The problems of a fragmented healthcare system are well documented and acknowledged as barriers to quality care delivery, achievement of regulatory and legislative mandates and optimal reimbursement under value-based parameters.
Fragmented and disjointed care leads to complications, including medication errors, preventable hospital readmissions and unnecessary pain and suffering for patients, especially those who are medically complex and require more intensive medical services coordinated across multiple providers and settings.
Failures in care coordination can increase costs by $25 billion to $45 billion annually.
Patients and family members can play a significant role in preventing errors and reducing harm, but the responsibility for providing quality care and patient safety lies primarily with the leaders of healthcare organizations and the clinicians and staff who deliver care.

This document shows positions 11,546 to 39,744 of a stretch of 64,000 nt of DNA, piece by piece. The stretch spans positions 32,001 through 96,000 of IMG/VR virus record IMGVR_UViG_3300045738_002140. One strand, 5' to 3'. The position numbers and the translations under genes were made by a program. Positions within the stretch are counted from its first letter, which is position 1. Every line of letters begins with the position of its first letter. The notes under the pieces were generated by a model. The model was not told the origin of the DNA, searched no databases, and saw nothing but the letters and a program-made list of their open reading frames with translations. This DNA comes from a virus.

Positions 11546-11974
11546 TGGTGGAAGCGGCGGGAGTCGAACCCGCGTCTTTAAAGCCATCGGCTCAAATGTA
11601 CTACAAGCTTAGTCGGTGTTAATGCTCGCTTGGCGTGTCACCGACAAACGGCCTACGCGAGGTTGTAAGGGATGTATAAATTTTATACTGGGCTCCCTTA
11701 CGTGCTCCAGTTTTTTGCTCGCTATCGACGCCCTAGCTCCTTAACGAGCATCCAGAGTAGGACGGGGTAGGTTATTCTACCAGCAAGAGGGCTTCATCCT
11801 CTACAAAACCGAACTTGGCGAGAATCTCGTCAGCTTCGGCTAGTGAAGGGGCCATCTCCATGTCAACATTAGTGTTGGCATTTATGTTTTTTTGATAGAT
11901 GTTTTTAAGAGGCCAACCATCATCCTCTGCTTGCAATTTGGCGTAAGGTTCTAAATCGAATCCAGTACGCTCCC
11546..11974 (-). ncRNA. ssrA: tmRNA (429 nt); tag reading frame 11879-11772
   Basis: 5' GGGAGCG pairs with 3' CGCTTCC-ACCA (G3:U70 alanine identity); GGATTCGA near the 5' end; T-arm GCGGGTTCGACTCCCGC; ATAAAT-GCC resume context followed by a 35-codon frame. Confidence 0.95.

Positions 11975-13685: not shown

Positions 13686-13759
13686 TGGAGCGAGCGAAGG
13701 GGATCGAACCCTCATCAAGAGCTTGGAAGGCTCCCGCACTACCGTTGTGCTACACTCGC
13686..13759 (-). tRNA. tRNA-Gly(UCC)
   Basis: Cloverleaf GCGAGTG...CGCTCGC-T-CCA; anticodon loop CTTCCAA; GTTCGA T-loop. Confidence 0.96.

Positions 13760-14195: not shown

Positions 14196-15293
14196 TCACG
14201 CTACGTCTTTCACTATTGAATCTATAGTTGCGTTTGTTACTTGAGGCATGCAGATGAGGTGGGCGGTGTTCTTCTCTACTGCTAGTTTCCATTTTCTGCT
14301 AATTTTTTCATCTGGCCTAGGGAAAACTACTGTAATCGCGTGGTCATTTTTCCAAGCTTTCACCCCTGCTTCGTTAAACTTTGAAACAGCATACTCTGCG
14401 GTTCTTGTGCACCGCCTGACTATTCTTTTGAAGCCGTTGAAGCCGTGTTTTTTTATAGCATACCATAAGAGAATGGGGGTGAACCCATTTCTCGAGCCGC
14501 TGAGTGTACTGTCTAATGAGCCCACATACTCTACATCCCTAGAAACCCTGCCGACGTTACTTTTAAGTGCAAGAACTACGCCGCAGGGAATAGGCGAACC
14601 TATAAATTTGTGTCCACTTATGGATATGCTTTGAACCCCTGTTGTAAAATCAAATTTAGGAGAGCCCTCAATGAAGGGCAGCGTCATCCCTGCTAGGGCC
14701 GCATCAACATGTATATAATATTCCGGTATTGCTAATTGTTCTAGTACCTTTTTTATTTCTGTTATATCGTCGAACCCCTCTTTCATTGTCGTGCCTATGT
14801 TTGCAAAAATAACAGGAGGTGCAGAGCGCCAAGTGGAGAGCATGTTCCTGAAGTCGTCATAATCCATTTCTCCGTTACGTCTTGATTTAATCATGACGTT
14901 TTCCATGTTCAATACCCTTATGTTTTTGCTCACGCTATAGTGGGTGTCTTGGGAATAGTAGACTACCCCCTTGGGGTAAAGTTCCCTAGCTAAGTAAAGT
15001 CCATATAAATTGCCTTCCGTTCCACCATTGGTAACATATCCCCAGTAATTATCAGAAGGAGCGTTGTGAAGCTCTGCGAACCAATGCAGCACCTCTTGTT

In the search for solutions, a consistent call has been raised for a patient-centered, longitudinal care coordination approach. For this approach to be successful, several components are required. They are: an organizing framework, the technology to support evidence-based care and team collaboration.